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Nov 18, 2008


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Anna Billstrom

Ah, Rick, not Rijk. Sorry about that!

Anna Billstrom

I heartily disagree, Rijk:

"But when all conditons [sic] are met (opt-in, reliable sender, relevance, frequency rules, etc.), renting and using external email lists can be, and in fact is proving to be a very successful marketing- and ROI device. "

No, even with "conditions met" the lists significantly underperform (despite being at cost) compared to organically acquired lists. And I'm talking open/click rates, not even the cost involved in getting the lists.

I've even compared appended data to "natural"- inhouse data as segmentation- and that has underperformed as well. Oh, and that's even without considering the hefty costs.

It's not unfair to call them datafarms- many of these require customers to provide them with your data, which they then repurpose and sell to other clients. But, you pay for that. With a little work on internal data systems, you get a lot more bang for your buck.

This is a focus on quality over quantity. Marketers need to get beyond that and start improving communication to their existing base.

Tamara Gielen

Libby, the only people that disagree that purchasing lists is a bad idea, are people that are in the list business... makes you wonder why they disagree, right?

Purchasing email lists is NEVER a good idea. A company that advertises that they sell email lists "for as low as 60$" should never be trusted. Where did they obtain these email addresses? My guess is they scraped them off a bunch of websites and other shady tactics like that. So stay away from them. Period.

Please note that I am not saying that renting email lists is a bad idea. List rental can work. But you should always ask the list rental company how they obtained the email addresses, how they got the subscriber's permission and how often the list is emailed. The last thing you want is that your company/brand is labeled as a spammer for sending emails to people that didn't ask for them.

Also, also make sure that it's the list rental company that sends out the emails. If they give you the list so you can send the emails from your system, run away as fast as you can. Seriously.

Also ask them to do a trial on a random subset of their list to see if you'll actually get a return for your money. List rental is not cheap and there are not a lot of good email lists out there to rent.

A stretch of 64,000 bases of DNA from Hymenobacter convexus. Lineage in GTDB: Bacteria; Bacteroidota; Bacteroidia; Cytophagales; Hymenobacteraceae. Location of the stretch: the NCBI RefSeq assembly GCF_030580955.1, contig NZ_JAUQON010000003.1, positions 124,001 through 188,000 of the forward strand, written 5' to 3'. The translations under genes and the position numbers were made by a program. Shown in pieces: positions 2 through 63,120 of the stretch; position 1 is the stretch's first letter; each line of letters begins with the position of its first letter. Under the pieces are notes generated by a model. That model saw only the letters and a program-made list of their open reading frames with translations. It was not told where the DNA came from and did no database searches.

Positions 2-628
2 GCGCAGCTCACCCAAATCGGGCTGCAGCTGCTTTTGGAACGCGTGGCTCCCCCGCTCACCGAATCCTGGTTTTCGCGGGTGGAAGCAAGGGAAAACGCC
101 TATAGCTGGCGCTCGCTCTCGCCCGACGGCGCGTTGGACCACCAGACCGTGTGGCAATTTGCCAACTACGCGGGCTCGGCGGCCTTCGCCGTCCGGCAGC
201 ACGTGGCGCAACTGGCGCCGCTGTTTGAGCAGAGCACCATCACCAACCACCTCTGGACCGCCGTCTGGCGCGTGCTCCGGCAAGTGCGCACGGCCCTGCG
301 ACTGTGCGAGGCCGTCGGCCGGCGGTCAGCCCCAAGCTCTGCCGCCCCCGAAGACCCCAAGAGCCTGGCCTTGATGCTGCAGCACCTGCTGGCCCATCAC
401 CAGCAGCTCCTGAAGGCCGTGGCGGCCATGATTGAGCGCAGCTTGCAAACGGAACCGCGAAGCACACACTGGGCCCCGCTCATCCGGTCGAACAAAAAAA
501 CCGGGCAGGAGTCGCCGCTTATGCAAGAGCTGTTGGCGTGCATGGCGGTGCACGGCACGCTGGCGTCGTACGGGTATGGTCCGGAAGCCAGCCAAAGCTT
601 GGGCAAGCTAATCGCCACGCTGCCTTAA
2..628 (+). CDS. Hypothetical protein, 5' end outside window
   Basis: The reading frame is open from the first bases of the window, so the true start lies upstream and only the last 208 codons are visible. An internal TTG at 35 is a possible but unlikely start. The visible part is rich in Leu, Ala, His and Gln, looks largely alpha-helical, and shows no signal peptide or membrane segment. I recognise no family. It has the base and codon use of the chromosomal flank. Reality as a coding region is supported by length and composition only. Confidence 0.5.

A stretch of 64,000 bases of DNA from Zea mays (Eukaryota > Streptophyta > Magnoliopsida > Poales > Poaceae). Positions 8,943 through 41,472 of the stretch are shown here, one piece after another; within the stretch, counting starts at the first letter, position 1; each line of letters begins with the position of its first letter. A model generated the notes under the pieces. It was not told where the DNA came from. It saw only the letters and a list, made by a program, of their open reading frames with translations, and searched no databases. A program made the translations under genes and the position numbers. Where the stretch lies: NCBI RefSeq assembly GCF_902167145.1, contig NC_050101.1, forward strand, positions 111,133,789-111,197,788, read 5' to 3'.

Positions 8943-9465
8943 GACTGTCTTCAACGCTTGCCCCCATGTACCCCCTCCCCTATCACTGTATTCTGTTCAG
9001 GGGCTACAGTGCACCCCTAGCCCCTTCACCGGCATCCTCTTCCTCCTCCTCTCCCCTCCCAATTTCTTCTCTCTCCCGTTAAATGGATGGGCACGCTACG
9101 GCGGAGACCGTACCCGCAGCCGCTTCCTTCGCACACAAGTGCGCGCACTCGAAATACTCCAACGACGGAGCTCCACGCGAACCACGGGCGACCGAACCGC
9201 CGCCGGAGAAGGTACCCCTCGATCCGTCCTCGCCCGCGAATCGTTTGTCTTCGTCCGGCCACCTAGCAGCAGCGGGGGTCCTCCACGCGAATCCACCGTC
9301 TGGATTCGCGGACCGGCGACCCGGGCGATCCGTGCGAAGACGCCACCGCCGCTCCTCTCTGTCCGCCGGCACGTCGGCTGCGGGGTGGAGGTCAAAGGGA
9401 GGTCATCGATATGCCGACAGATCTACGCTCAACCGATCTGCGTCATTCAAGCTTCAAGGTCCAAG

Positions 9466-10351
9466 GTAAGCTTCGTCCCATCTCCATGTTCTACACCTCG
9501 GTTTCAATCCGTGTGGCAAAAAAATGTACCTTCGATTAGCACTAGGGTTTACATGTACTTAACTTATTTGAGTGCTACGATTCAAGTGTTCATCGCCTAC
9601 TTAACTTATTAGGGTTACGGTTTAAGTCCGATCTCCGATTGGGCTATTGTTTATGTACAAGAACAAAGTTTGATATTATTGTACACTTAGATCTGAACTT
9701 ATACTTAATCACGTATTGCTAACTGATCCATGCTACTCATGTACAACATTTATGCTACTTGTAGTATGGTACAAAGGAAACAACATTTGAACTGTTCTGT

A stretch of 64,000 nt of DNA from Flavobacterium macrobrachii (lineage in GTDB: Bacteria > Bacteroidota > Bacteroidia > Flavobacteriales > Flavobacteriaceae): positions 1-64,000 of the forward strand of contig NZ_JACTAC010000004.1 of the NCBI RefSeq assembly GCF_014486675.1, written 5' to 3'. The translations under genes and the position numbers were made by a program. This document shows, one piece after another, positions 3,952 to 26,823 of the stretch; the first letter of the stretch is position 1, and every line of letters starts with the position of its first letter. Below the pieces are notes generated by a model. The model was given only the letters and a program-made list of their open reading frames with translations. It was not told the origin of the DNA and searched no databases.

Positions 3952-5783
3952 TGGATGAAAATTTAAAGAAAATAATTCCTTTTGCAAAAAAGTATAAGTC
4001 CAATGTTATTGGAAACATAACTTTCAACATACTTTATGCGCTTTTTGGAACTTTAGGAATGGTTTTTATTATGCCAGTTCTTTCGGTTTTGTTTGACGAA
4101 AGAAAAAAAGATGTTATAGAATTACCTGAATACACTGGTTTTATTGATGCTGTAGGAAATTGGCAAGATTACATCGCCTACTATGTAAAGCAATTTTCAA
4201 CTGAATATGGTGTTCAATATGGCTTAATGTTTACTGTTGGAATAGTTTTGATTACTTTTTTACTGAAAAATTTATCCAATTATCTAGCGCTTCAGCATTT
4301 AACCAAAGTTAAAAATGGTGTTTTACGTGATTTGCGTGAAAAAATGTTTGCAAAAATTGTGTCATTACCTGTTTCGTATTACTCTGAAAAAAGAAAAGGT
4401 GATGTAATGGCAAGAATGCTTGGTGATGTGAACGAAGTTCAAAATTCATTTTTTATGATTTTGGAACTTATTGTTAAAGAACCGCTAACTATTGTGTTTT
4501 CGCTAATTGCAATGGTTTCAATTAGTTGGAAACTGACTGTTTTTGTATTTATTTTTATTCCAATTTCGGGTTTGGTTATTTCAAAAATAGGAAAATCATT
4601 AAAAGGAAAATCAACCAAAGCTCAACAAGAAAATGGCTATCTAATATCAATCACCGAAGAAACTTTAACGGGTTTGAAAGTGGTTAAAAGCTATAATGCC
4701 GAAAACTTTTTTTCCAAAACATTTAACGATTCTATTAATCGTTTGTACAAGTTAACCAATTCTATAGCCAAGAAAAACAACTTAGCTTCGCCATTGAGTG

Be careful.


This is a great article and agree with everything except #4 which I agree Rick van Dijk. I think when all the conditions are met, renting and using external email list can successful especially if you use it to eventually use it to target your email address.


I'm interested on the point no 11. It shows that we have nothing to lose when they unsubscribe. People don't like to be forced! Chances are 80% they will stay.

Rick van Dijk

I fully agree with most of the suggestions, good job!

However, as an intermediate for (B2B) email list renting I'd like to add a little nuance to your no.4 suggestion 'do not purchase email lists'.

We frequently talk to media planners and marketeers. Some of them take advice like this and translate it to 'never use external mail lists for marketing'.

They don't see the clear distinction between directly buying lists, (i.e. the notorious cd/dvd's and bulk lists) vs. indirectly renting qualified opt-in (!) address lists provided by established publishers and list owners.

Let me make absolutely clear that using external addresses is a delicate matter and should be handled with utmost care and caution. Again, physically purchasing cd/dvd's/bulk/batches is a strict nono.

But when all conditons are met (opt-in, reliable sender, relevance, frequency rules, etc.), renting and using external email lists can be, and in fact is proving to be a very successful marketing- and ROI device.

Anton Panaitesco

Excellent points! I would just add a few of them:
- Never, ever make third party email lists exchange (I give you 100k third party optin emails and you do the same).
- Be very carefull when using white fonts on dark background images, Bg images wont display in some readers and the text would then be invisible.
- Always introduce yourself at the top of the mail and the reason why the user receives your communications (you receive this email because you registered to...)

Nice job!

Neil Anuskiewicz


As the person who did the blog post linked to here, I 100% agree that harvesting emails off the web and purchasing lists is completely unacceptable.

Most Email Service Providers (ESPs), including the StreamSend Email Marketing service, forbid these practices in their Terms of Service. We work very hard to enforce these rules.



You make some excellent points. People need to realize that buying email lists is a BAD strategy. It does not work. Those of us in the permission-based email industry need to keep making that point clear. We do not want to be associated with spam, and so will not tolerate purchased lists.


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